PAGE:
Be sure to vote in this week’s poll on science fiction awards!
Robert J. Sawyer has resurrected an old post citing a list of SF books that non sf readers would enjoy.
- The Caves of Steel by Isaac Asimov
- 2001: A Space Odyssey by Arthur C. Clarke
- The Ghost from the Grand Banks by Arthur C. Clarke
- Neuromancer by William Gibson
- Beggars in Spain by Nancy Kress
- Inferno by Mike Resnick
- Manhattan Transfer by John E. Stith
- Mysterium by Robert Charles Wilson
The June 9th issue of Entertainment Weekly offers some brief reviews of science fiction and fantasy books. Here’s a snippet.
Everfree by Nick Sagan
Genre Mash: 28 Days Later meets The Matrix.
Lowdown: Everfree is smart and fast-moving but, like its protagonists, emotionally computerized.
Black Powder War (Temeraire, Book 3) by Naomi Novik
Genre Mash: Lawrence of Arabia meets Dragonheart.
Lowdown: STill enjoyable, but this faithful reader wanted less travelogue and more of the intricately rendered life-of-an-aviator derring-do that shone in the first book.
Firebird by R. Garcia y Robertson
Genre Mash: Scheherazade meets Czar nicholas II.
Lowdown: Complete with iron forests, Mongolian shamans, rapacious Tartars, and lesbian nuns, Firebird has a skewering with that’s great fun to read; too bad the characters are made of cardboard. On the plus side, we learn that a properly trained nun should be fluent in the French kiss.
The Greener Shore : A Novel of the Druids of Hibernia by Morgan Llywelyn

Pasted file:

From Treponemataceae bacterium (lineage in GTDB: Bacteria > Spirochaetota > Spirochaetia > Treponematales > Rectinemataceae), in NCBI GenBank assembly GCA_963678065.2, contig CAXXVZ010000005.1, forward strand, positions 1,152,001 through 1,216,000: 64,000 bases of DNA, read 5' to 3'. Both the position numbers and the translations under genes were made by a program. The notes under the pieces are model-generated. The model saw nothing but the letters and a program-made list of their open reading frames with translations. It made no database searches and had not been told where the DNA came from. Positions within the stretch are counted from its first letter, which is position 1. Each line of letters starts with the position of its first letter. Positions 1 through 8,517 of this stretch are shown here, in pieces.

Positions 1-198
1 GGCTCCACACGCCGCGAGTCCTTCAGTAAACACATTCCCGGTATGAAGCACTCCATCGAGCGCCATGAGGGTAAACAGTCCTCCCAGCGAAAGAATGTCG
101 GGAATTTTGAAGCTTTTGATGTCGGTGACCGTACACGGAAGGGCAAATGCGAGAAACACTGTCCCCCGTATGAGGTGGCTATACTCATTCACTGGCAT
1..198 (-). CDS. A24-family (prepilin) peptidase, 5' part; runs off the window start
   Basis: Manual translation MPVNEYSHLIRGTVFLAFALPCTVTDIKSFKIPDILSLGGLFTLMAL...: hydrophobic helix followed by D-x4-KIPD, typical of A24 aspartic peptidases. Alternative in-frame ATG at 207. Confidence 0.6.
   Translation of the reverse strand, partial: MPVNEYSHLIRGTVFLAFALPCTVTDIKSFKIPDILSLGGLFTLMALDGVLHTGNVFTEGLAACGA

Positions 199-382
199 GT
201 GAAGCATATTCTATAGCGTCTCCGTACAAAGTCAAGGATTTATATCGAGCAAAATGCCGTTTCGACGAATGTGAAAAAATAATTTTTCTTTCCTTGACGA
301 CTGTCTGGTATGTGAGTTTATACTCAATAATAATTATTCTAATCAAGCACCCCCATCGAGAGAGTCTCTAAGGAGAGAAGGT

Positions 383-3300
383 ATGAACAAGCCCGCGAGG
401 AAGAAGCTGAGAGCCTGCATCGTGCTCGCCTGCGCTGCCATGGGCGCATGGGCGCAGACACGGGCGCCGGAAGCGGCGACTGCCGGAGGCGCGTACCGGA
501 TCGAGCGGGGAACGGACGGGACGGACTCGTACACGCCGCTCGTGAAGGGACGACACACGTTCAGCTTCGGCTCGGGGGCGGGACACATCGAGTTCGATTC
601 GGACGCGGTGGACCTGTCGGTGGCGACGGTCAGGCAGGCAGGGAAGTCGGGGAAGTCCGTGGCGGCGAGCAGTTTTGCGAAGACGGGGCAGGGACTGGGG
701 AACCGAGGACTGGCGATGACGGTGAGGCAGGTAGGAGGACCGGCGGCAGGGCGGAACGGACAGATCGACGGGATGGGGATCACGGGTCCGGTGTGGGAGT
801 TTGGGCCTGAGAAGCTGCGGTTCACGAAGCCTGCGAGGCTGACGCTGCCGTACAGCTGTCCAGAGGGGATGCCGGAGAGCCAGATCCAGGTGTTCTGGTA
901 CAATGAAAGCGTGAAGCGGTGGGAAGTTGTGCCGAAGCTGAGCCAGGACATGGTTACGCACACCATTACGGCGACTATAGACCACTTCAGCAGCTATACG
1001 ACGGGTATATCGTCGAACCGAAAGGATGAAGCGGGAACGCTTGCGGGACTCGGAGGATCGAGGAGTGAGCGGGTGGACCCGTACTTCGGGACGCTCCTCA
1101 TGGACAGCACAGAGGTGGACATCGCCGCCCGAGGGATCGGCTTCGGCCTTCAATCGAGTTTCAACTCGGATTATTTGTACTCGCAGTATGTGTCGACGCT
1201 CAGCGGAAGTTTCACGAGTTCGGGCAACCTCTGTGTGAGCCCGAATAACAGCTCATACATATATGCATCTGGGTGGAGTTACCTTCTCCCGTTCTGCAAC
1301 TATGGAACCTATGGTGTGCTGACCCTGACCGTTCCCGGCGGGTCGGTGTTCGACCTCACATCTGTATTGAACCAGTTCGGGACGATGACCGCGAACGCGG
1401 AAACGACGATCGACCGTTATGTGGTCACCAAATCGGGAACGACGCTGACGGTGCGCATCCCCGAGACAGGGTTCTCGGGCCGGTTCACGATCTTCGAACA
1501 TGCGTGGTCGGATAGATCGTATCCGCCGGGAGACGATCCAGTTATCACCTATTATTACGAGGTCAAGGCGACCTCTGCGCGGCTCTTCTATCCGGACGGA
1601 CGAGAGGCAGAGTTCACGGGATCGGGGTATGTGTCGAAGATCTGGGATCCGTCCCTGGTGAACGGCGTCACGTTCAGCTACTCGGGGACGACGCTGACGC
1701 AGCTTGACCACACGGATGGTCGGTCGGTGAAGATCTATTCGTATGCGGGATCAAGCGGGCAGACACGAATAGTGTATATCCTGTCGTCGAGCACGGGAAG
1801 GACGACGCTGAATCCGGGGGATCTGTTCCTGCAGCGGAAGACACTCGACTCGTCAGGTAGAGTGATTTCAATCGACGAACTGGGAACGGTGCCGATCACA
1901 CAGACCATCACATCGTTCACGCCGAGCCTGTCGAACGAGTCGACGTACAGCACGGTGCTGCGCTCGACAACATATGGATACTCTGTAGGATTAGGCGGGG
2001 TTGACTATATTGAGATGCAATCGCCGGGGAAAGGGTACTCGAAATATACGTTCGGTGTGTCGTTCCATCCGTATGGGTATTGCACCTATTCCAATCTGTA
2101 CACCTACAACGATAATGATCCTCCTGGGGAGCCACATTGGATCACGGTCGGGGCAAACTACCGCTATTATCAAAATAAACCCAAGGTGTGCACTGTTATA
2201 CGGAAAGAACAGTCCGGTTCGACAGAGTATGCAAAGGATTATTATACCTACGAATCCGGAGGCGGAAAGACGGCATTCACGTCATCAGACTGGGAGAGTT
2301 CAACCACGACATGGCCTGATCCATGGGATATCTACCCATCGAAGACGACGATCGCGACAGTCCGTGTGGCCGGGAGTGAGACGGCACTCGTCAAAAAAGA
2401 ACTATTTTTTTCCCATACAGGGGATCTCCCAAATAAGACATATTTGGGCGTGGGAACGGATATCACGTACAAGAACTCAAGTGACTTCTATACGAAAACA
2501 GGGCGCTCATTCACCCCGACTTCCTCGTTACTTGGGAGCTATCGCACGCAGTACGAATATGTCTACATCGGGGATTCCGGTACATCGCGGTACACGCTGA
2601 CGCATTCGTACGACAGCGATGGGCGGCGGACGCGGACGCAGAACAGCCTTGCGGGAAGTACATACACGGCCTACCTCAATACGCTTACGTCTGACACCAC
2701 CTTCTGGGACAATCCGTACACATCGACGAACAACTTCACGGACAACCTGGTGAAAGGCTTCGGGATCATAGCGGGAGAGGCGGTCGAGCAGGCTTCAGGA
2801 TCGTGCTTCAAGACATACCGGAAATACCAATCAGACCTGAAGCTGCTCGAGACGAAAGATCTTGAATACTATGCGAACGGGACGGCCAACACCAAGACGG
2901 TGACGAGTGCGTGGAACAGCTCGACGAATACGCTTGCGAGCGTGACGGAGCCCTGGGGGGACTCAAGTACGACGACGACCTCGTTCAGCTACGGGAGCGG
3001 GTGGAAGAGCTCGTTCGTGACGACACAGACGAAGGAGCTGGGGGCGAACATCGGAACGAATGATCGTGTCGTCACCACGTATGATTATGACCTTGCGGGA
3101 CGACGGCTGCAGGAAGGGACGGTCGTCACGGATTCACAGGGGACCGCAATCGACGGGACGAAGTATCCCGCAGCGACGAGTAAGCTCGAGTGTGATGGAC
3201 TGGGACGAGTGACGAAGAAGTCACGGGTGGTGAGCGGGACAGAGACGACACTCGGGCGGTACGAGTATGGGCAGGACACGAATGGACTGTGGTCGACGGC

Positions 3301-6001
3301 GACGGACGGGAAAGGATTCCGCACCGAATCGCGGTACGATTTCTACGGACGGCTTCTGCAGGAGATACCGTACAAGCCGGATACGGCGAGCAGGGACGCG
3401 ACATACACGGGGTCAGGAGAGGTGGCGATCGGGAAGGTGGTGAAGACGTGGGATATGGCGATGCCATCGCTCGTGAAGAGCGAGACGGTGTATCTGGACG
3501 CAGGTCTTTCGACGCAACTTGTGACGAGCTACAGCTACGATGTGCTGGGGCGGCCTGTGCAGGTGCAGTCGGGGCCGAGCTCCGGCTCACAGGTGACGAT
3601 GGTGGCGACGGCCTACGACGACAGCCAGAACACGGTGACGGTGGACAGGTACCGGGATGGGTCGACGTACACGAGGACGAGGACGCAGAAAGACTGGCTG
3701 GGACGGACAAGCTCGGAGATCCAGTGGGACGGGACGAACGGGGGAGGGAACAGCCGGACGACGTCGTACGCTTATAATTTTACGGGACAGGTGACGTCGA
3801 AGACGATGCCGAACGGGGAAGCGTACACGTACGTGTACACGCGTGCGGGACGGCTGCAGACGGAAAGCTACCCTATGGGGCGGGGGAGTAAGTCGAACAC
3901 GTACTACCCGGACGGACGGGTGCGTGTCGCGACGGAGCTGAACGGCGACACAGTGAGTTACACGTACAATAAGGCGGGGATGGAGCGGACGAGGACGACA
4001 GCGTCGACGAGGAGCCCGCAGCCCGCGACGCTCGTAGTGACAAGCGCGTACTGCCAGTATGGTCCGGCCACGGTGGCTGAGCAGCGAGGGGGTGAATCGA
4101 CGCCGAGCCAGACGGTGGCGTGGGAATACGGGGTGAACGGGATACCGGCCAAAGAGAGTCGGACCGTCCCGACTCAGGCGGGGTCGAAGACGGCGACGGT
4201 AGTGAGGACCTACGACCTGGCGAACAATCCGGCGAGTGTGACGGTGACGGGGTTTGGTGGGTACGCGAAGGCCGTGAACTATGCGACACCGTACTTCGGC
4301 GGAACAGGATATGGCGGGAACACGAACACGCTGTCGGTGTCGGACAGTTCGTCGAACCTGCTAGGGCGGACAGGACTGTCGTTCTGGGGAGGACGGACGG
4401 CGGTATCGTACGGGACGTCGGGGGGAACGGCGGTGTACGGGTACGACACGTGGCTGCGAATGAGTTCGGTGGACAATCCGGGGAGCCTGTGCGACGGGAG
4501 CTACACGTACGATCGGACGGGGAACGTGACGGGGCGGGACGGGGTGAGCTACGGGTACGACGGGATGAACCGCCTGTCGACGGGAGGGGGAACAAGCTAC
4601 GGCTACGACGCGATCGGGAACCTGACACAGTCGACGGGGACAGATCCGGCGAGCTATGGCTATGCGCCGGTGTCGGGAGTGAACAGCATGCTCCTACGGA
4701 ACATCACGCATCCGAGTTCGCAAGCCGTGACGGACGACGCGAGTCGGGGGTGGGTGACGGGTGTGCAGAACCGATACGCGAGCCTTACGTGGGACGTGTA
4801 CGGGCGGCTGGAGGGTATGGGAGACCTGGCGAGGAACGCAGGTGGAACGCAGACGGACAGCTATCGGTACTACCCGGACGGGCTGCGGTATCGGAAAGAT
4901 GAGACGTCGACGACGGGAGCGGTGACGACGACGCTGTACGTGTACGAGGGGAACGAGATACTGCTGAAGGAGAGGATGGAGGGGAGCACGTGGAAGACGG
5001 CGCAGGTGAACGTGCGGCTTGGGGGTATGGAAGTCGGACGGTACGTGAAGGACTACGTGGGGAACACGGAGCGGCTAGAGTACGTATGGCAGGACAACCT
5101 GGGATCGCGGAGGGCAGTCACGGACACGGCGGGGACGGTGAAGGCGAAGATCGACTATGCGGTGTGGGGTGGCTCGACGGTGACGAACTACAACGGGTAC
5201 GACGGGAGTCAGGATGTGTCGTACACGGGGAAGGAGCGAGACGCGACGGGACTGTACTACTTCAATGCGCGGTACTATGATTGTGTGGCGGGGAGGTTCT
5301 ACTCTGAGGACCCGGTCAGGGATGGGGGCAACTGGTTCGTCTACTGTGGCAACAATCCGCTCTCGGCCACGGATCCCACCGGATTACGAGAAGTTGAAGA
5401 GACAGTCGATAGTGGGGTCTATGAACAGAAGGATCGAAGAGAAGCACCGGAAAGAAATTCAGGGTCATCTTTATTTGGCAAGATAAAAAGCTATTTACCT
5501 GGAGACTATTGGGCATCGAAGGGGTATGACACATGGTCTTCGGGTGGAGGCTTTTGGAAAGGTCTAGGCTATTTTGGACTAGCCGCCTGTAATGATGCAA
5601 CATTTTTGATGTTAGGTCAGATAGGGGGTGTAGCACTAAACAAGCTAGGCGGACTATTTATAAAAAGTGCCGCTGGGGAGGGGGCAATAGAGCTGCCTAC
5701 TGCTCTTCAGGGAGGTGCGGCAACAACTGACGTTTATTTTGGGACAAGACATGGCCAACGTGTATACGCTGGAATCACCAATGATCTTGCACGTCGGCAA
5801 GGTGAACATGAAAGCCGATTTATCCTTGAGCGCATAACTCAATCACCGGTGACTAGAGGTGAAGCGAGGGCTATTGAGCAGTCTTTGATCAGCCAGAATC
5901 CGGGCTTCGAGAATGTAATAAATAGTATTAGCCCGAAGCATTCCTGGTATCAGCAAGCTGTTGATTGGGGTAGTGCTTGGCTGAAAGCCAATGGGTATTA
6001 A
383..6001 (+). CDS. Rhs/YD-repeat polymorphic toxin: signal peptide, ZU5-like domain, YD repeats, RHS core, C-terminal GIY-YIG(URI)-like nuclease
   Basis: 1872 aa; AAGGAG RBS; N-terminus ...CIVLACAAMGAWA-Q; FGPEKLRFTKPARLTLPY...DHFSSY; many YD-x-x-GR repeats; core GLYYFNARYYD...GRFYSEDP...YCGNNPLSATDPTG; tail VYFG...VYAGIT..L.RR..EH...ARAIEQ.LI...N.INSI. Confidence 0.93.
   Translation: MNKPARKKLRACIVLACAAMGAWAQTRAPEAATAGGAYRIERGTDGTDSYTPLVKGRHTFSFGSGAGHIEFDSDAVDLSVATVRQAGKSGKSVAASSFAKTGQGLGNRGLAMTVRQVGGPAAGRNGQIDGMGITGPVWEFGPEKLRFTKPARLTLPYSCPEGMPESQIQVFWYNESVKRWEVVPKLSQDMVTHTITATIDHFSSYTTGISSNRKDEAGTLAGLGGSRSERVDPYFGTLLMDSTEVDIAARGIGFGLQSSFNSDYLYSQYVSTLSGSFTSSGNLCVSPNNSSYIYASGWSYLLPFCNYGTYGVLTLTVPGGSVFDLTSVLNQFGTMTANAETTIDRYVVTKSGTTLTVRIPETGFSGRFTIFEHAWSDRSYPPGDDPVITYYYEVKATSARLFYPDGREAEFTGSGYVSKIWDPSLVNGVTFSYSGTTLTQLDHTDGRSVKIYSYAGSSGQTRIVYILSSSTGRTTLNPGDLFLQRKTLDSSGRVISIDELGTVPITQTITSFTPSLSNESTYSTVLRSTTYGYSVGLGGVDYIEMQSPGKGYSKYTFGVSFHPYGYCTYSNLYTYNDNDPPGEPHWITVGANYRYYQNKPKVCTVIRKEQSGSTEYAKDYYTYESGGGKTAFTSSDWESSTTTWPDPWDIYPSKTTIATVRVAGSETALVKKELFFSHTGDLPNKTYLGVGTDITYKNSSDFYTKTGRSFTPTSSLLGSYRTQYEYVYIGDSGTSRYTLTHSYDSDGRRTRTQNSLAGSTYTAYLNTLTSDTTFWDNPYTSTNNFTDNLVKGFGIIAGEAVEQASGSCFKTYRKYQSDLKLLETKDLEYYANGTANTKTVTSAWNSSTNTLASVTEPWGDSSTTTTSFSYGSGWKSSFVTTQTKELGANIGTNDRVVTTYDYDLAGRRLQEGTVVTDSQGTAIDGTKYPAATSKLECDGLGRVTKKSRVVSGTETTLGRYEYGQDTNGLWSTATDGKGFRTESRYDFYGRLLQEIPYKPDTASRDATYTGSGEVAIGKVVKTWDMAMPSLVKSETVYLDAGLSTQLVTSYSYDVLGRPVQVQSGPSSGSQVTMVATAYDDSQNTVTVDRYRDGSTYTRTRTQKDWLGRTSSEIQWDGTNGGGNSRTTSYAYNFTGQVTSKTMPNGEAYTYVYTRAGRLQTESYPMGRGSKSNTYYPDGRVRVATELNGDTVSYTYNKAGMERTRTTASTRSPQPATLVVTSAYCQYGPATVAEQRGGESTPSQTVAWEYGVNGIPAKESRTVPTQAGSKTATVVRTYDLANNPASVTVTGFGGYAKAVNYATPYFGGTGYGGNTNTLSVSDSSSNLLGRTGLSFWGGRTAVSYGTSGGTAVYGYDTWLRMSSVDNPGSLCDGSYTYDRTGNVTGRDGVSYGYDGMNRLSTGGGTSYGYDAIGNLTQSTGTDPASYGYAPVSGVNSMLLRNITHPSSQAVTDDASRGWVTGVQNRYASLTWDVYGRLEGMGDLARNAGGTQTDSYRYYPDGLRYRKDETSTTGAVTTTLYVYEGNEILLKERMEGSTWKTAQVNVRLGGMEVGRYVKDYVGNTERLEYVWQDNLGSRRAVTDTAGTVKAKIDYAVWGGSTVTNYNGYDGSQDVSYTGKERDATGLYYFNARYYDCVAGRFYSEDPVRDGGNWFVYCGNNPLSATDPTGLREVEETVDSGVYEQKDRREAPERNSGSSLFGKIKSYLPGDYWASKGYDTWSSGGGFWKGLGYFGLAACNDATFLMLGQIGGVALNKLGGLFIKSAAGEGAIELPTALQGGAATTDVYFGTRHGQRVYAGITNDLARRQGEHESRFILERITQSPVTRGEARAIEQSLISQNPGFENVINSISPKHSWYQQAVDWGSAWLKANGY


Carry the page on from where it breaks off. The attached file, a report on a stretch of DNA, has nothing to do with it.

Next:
Genre Mash: A Wizard of Earthsea meets Siddhartha.
Lowdown: The wanderings of head druid Ainvar and his three wives as refugees in Hibernia (also known as Ireland) provide a deeply felt and at times lyrical meditation on exile and loss, but Shore lacks the oomph of the original tome.
Spiderman 3 will have four villains. Three of them are confirmed: Venom, Sandman and the new Green Goblin (a.k.a. Hobgoblin). The last villain is rumored to be either The Lizard or Man-Wolf.
Holy flashback, Batman Spiderman! The Man-Wolf is lycanthropic alter-ego of John Jameson, J.Jonah Jameson’s astronaut son. I wouldn’t know this except that way back when I was but a wee lad, I had an audio Spiderman comic called Mark of the Werewolf. It was an abridged version of a Spiderman comic book and came with a 45 RPM record (what are those?) that contained voice actors acting out the comic. I’m not sure how I got this or why I would go the audio route as I was thoroughly entrenched in (DC) comics at the time. Still, the news of the new Spiderman movie bring back fond memories…
Beginning June 5th, the BBC Radio show 7th Dimension will be running a 17-part reading of John Wyndham’s classic The Day of the Triffids. Each part is about 30 minutes making the total piece about 8 hours. For folks outside the UK, the BBC makes the recordings available for 6 days after the broadcast at their Listen Again site.
I read this cozy-catastrophe story several years ago and loved, loved, loved it. Nothing at all like the cheesy movie I saw in my childhood. Thankfully. This is one of those books that you know you are going to read again. Luckily for me, I have since acquired the hardcover SF Masterworks edition of this.
[via SFF Audio]